• The first approach is adopting a certain method of doing things (like an existing organizational framework or methodology), and training the team members to master their roles.
  • The second approach is encouraging the team members to take learnings of their experience and shape the ways of working based on the knowledge acquired through practice.

Both approaches have their limitations:

  • Methods lack flexibility as the roles and workflows are often defined without a possibility for overriding. One-size-fits all does not provide the inclusiveness sufficient to enable people of such diverse skill sets, experiences and characteristics as the IT teams are now to utilize their strengths in the face of constant changes.
  • Rules created by the other people open the door to misinterpretation and misunderstanding of the intentions behind. When the team members are not on the same page about how to do things right and for which reasons, that causes tensions, waste of time and creative energy.
  • Finally, learning the rules discourages people from challenging them. As a result often a situation when not following some rule is the right thing to do is perceived by the team members as an organizational failure.
  • Experiential approach in turn is prone to subjectivity. People make mistakes, so do teams.
  • Another complication lies with ambiguity of the outcomes. When using a certain method, succeeding in following some of its rules can be considered a positive change, as we assume that mastering all the rules will help us to reach the desired results. Change that is based on experience makes the evaluation of the outcome a separate task.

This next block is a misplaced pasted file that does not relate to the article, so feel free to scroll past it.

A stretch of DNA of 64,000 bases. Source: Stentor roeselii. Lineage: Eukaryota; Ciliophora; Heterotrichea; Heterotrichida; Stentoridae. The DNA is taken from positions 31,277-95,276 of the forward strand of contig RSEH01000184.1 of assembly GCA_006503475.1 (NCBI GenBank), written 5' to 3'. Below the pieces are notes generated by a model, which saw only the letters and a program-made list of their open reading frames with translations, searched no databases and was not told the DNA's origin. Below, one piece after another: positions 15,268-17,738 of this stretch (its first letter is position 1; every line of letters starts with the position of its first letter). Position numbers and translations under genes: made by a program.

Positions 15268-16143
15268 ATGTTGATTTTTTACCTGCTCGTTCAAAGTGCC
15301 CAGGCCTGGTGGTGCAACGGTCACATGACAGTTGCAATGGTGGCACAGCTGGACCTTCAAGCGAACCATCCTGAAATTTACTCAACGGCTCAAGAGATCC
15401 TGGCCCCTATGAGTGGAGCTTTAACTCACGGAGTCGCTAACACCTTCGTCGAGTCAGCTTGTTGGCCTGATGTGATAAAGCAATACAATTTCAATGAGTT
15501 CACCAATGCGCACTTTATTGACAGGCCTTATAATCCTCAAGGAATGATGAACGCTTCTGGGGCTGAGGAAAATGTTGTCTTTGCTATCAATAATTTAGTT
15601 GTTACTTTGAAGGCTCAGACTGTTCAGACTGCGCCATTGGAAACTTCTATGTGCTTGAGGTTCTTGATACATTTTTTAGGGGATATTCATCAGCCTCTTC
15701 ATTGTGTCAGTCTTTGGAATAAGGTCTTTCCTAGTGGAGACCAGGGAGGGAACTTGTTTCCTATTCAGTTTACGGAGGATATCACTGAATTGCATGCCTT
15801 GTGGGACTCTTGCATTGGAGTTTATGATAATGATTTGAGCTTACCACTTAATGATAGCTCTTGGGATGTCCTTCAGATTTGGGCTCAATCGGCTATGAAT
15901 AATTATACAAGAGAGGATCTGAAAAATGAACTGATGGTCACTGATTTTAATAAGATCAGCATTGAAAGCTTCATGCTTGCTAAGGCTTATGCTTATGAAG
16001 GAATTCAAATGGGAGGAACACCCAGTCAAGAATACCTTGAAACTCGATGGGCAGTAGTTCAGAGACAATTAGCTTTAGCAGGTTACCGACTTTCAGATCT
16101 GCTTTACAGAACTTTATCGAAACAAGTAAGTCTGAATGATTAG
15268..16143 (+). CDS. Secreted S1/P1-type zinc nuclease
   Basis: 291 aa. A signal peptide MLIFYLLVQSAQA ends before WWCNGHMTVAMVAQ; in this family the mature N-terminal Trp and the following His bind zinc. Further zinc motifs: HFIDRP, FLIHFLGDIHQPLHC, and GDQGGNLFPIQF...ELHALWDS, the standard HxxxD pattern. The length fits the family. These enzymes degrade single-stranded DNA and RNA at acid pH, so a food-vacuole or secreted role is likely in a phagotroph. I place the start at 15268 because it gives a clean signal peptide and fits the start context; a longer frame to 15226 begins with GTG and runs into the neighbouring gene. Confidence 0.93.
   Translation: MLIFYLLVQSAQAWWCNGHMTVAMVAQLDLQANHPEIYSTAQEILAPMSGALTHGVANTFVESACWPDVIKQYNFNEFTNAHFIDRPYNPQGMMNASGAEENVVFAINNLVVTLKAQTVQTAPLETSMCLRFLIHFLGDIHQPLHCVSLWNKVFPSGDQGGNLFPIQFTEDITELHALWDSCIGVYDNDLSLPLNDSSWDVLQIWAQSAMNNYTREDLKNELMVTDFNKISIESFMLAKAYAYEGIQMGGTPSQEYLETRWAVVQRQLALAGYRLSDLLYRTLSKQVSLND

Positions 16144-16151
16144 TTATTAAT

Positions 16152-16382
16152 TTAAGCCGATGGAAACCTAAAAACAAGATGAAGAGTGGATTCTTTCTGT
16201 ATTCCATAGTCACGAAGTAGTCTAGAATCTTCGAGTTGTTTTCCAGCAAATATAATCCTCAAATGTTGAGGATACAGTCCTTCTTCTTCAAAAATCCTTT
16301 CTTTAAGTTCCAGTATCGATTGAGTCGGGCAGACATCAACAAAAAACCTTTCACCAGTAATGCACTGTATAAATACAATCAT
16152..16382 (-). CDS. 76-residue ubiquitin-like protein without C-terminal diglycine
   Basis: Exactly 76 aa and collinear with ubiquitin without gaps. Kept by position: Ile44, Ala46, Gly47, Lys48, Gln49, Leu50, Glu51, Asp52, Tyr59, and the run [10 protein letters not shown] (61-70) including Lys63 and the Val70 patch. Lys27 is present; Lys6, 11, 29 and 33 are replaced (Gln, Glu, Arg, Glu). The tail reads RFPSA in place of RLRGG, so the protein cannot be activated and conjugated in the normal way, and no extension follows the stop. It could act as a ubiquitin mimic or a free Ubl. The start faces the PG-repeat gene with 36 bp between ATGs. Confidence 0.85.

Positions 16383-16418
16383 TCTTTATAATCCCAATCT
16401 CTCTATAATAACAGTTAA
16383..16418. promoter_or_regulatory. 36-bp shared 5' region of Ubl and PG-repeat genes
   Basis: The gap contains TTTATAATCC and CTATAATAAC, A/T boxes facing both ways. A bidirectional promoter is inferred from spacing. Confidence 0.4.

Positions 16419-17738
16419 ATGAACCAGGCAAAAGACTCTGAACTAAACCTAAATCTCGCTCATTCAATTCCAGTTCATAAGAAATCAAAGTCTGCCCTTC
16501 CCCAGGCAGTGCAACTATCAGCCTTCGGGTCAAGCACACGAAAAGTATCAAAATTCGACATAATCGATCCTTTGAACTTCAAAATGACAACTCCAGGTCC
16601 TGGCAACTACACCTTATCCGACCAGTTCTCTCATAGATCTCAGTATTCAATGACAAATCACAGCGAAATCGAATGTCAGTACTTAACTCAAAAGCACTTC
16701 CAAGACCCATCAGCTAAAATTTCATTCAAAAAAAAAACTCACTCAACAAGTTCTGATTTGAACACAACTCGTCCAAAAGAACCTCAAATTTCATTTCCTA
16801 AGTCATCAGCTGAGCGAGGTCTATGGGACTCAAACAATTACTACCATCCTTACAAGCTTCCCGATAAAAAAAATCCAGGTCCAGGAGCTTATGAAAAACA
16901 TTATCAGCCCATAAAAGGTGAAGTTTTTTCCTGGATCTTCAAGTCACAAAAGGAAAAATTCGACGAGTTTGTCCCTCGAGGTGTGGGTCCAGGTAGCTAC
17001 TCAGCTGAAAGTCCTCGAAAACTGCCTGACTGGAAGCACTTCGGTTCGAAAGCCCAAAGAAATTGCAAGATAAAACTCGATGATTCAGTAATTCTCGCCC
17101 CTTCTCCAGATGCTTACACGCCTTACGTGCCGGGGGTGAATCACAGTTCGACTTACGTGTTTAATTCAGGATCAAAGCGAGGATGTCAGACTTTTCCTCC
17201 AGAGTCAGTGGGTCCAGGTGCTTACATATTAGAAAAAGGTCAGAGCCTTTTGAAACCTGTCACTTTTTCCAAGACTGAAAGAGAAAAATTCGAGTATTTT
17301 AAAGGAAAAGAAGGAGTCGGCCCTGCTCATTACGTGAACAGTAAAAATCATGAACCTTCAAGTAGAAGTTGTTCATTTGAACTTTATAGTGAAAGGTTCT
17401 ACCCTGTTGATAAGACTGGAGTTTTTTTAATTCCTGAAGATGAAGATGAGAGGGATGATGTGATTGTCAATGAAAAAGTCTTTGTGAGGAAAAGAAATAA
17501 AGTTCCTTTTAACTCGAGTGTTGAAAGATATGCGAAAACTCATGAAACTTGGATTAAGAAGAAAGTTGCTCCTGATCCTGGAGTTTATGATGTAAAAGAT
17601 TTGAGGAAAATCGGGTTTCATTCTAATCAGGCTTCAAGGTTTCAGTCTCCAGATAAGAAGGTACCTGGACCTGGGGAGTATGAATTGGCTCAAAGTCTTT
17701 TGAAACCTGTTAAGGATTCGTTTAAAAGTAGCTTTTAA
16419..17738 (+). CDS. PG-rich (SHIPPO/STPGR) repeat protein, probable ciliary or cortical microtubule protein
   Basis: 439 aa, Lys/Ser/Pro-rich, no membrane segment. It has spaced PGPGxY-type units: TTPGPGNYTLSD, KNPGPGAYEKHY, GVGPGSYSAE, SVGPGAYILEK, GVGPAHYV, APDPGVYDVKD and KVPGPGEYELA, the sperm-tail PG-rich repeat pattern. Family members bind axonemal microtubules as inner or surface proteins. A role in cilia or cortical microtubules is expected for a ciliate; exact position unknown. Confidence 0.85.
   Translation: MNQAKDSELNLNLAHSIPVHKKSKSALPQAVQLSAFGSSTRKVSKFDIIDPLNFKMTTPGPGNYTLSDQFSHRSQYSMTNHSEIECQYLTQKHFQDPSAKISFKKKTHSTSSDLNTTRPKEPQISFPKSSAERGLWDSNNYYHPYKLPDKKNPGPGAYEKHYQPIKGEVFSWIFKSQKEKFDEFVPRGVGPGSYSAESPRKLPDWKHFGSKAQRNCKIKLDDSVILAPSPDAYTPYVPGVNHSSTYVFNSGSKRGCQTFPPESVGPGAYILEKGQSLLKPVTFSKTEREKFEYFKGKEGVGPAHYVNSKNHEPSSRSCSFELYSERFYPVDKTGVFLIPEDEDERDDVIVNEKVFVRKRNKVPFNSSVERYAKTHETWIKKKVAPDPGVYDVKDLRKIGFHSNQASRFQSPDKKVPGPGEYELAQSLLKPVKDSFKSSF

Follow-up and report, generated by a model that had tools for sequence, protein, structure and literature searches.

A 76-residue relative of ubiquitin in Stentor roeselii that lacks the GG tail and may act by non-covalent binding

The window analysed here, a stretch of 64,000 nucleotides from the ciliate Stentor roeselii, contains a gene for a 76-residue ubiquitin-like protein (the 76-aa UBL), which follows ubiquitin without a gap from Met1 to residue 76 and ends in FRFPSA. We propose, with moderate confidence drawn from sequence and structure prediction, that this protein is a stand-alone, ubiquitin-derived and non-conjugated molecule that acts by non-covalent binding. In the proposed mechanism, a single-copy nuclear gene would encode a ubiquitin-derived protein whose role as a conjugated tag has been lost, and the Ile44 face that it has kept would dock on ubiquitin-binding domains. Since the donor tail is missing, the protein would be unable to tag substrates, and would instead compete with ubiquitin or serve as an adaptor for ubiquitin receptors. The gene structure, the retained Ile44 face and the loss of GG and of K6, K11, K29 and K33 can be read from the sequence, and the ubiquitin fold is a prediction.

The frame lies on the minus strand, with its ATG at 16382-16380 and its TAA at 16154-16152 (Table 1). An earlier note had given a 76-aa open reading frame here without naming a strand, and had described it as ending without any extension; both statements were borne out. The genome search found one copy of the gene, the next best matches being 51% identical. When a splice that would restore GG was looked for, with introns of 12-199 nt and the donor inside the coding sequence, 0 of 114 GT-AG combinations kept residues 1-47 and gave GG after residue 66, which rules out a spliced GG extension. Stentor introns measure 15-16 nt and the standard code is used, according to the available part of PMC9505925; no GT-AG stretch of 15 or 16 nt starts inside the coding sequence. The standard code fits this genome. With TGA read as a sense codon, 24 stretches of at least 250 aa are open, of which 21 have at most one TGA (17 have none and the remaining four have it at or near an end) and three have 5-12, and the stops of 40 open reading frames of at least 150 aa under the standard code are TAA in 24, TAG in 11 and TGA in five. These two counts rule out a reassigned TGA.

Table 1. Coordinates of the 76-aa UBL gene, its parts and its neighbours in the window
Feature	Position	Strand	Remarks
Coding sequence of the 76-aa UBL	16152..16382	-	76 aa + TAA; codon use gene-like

• Finally, there is no industry standard for the experiential approaches. Therefore there are way less publications explaining how other people were solving common problems down that road (although provides a great source for inspiration).

Therefore "a balanced approach is preferable, that draws people's experience into instrumental action adding meaning to possible forms of action, and lays instrumental thinking over people's experience offering them possible direction." (Rethinking the Fifth Discipline, Flood 1999)
What is Teamleadsky Framework for High Performance Teams?
Teamleadsky Framework is a balanced approach that utilises both experiential and instrumental action. It provides teams with the structure for analysis of their teamwork and constructive discussion, the evolving goals that enable continuous improvement and the yardstick for measuring changes.